Unsurprisingly, considering this is a Puma production, the stand-outs were the shoes. Whereas fall was heavy on the boots, Rihanna's spring will involve even more deft grate-dodging in stilettos. Puma's classic lace-up sneakers were transformed into pointed-toe, skinny-heeled mules; slingback heels; and thick gum-soled platforms (but with the eye row and signature stripe intact). Oh, and next season's slides? The furry strap has been replaced by an oversized satin bow. 

Hey, this genre of aristocratic athleisure footwear could have a pretty commercial outcome, given Rihanna's track record at Puma. Although, while her first few Fenty styles ring in under $150, her catwalk pieces are a little pricier: Fall '16 platform boots go for $325,booties retail for $600, and over-the-knee shoes cap out at $750. One thing's for certain, though — you've never seen Puma Suedes like these before.
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Financial Times: Fenty by Rihanna for Puma SS17 Show Report: Paris Fashion Week.

Rihanna unveiled the second Fenty by Rihanna for Puma SS17 show report: Paris Fashion Weekcollection of Fenty, the fashion line she designs in collaboration with Puma, within the chandeliered interiors of the Hôtel Salomon de Rothschild, in Paris, on Tuesday night. She launched the first collection in New York in February, but whereas that was dark and urban and monochrome this second season was as pink and sugary as fondant icing, and frequently very frilly. 

Like Kanye West, the 28-year-old singer songwriter has realised a massive market opportunity by developing her own brand of “swag”. West’s early collaboration with Adidas gave rise to the phenomenally successful (and now independent) Yeezy brand. Yeezy now dominates the fashion seasons, not for the clothes — pleasantly anodyne khaki T-shirts, flesh-coloured bodysuits and street-savvy sweats — but for the sheer weight of its presence. Yeezy has become the biggest, the most searched, the most followed fashion show in the world. Few can contend with it. But Rihanna can.

Rihanna is a world-famous star with 44.4m Instagram followers and 66m on Twitter. (Puma, incidentally has 1.5m Twitter followers, which pitches it alongside Dannii Minogue in terms of popular influence.) She already has a highly lucrative brand contract with Dior but her off-duty look is deliberately inelegant. As a fashion presence, Rihanna occupies the street as the wild-child populist — all expletives, sneaker wearing, middle-finger stabbing rebellion — while still maintaining a comfortable tenancy in the penthouse suite of privilege; she’s appeared on two Vogue covers already this year. This collaboration may not yet be on the level of Yeezy’s but if the crowds thronging around the crash barriers outside the venue, or the excitability of those inside the building, were anything to go by, he’d better watch out. The price points are also considerably sweeter.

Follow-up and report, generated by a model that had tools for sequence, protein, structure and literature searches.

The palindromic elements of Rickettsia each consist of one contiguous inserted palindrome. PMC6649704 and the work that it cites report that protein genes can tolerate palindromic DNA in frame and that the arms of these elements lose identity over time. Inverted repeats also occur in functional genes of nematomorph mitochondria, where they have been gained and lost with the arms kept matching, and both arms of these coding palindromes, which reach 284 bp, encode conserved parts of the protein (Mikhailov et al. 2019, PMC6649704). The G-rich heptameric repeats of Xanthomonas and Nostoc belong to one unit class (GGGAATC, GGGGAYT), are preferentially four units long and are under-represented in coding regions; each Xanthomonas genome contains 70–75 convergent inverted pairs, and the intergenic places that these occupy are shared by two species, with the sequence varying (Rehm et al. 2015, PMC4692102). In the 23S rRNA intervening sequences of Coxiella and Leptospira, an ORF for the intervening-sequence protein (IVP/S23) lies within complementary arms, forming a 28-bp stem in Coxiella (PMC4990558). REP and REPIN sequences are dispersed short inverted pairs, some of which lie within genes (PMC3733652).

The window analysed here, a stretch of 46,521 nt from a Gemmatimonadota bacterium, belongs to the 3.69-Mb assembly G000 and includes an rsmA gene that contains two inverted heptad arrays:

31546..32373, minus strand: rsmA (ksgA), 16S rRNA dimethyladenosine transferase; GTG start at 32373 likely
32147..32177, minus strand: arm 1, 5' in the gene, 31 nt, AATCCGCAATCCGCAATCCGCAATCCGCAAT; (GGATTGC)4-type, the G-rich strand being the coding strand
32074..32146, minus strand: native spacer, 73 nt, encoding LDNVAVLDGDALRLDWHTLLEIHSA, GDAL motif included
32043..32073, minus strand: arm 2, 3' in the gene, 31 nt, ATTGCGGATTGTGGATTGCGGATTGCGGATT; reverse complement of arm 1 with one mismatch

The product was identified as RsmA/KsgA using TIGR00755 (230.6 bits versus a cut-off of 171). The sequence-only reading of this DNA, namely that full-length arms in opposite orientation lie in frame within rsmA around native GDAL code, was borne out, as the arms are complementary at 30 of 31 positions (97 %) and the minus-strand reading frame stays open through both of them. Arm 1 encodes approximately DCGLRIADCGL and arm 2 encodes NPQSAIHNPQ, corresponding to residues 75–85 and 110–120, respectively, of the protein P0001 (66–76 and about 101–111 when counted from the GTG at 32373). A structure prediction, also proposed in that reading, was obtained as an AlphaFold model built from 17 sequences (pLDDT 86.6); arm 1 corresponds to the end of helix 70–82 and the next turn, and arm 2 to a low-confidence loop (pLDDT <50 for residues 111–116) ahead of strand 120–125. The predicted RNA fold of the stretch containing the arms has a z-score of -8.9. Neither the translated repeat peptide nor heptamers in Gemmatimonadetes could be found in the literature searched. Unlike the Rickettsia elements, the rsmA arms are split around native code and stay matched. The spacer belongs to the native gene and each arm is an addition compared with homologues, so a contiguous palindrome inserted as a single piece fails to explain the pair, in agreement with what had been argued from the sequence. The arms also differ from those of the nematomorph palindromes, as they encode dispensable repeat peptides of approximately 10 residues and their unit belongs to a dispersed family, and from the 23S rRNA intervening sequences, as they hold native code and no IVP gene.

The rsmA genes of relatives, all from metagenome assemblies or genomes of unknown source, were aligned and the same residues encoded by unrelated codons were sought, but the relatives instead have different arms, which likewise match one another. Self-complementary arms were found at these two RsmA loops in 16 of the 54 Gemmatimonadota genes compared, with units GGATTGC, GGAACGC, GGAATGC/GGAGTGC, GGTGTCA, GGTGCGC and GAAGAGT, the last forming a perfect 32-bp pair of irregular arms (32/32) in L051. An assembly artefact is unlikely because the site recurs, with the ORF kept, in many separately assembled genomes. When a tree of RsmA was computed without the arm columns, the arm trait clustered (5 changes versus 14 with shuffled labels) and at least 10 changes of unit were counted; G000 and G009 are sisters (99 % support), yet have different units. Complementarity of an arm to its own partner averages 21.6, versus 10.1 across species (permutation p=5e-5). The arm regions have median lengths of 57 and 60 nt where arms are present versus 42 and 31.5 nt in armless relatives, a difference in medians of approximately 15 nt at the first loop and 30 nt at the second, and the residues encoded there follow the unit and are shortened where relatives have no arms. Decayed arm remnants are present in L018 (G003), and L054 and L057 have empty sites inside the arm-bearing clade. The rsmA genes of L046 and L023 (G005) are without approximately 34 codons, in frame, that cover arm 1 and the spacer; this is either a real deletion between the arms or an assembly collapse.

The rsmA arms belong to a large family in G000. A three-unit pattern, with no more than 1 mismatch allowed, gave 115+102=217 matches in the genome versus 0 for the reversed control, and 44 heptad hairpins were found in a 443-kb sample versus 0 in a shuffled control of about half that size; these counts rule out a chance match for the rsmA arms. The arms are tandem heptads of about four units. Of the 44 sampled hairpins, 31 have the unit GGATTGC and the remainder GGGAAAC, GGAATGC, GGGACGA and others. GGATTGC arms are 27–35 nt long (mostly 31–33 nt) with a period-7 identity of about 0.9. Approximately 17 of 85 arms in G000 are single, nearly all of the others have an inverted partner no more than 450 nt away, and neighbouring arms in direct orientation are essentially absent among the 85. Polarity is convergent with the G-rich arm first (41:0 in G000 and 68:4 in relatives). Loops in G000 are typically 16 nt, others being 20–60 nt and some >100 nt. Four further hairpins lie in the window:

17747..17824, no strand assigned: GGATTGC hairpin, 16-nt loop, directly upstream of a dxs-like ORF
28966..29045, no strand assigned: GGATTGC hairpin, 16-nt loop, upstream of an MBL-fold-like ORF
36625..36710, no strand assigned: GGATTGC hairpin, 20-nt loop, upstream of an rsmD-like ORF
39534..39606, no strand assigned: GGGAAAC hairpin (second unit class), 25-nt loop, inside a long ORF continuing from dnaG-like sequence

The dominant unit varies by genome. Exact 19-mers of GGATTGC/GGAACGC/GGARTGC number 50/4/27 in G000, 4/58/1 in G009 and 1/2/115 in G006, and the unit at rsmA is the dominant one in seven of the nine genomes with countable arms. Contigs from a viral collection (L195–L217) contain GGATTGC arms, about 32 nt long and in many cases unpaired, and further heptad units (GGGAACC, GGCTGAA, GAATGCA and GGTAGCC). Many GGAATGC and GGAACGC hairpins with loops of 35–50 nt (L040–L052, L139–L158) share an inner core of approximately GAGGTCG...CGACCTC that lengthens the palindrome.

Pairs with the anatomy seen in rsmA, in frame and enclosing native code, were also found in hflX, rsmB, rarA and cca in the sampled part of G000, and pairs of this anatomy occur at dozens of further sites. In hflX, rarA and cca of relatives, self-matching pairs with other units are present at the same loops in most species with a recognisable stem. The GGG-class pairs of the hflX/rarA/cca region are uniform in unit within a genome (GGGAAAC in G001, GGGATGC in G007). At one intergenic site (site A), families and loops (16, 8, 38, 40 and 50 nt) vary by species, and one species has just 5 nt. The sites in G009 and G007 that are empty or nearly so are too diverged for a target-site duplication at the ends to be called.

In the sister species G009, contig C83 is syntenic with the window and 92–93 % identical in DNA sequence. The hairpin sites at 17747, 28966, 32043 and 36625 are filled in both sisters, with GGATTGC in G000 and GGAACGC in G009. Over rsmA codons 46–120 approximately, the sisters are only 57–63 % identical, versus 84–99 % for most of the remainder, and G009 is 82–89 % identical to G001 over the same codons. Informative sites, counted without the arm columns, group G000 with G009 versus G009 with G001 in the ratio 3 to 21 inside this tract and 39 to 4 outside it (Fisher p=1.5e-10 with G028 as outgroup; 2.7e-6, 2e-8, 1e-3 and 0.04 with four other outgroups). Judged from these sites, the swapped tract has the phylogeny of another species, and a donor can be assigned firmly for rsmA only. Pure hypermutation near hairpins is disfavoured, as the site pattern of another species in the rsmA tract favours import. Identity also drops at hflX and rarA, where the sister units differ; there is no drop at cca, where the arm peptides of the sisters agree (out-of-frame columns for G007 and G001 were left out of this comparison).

Fenty’s look is certainly more directional than Yeezy’s. Rihanna was never going to offer up an ordinary tee. The looks were a hybrid of sweatshirting, lingerie, army fatigues and baroque detailing; a brocade boiler suit was unzipped and slung around the waist; T-shirts were cinched with lace-up corset belts, khaki overalls were severed and strapped together with suspended ties at the thigh, and many of the looks were shrouded in enormous, lightweight nylon parkas that billowed around the models like monks’ robes.

Sexier details were tempered to seem more street: a slip dress grafted on to a sweatshirt; a garter hidden under the hem of an oversized hoodie. The models included men and women, though the gender delineations were moot: men wore lacy cami tops with their tracksuits and everyone wore jewellery: faux pearls were slung around the neck, pierced through the lower lip or stuffed inside the ear. They pinched paste diamond rings between their teeth, to look like metal grilles. There were caps and lace bandannas, too. Rihanna’s look is partly to dissemble — now everyone can hide under her hats and hoodies and act like a persecuted rap star.

At so many luxury houses the conversation is now focused on attitude and storytelling: inhabiting a persona, being who you want to be. A lot of people want to be Rihanna. Now they can be. The singer took to the stage in a swath of brown sweatshirting — looking like a Capuchin punk. At an earlier show she wore pink Marie Antoinette laces and carried a fan. The audience roared. It wasn’t chic. It wasn’t sophisticated. You may not like it: but this is most likely the future of fashion.a4fcf2aa-862f-11e6-a29c-6e7d9515ad15?sou